Death Cab for Cutie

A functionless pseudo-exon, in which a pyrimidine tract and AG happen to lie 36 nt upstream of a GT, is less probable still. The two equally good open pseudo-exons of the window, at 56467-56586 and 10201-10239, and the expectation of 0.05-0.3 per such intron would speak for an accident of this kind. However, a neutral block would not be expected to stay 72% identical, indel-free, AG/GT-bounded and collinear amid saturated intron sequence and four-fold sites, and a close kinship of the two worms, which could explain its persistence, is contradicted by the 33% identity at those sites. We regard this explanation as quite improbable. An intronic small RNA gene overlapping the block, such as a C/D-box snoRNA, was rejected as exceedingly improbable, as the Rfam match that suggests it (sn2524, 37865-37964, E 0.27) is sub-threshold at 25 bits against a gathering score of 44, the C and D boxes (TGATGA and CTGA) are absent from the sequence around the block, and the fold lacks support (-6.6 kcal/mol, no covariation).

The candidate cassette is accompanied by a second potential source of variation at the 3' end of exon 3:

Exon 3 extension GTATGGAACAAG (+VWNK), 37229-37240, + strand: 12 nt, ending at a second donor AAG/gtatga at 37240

What Death Cab for Cutie does best on its major-label debut, Plans, is capture flashbulb moments of melancholy — the dissolution of a summer romance, growing apart from a lover, being dumped by an egotistical jerk — and analyze them with astounding honesty. Take the tear-inducing “What Sarah Said.” Solitary piano chords drive a vivid depiction of a sterile hospital where each descending peak of the LCD took you a little farther away from me — which causes singer and lyricist Ben Gibbard to wonder, Who’s gonna watch you die? Not exactly the stuff of selling out to The Man, as many feared Death Cab had done by leaving the cozy confines of its former label, Barsuk. Plans is simply a richer, more ambitious version of the quartet’s 2003 breakthrough disc, Transatlanticism (and its four previous indie albums, for that matter). Soft-focus keyboards mope like grounded teenagers, dreamy riffs chime like the Smiths, occasional electronic flourishes loop lazily, and Gibbard’s vocals rise like helium or whisper with conspiratorial intimacy; he’s forever the sensitive-artist type every girl secretly lusted after in high school. Sure, Plans doesn’t — and can’t — top Transatlanticism, but the painfully awkward beauty of the album’s sadness is just as lovely.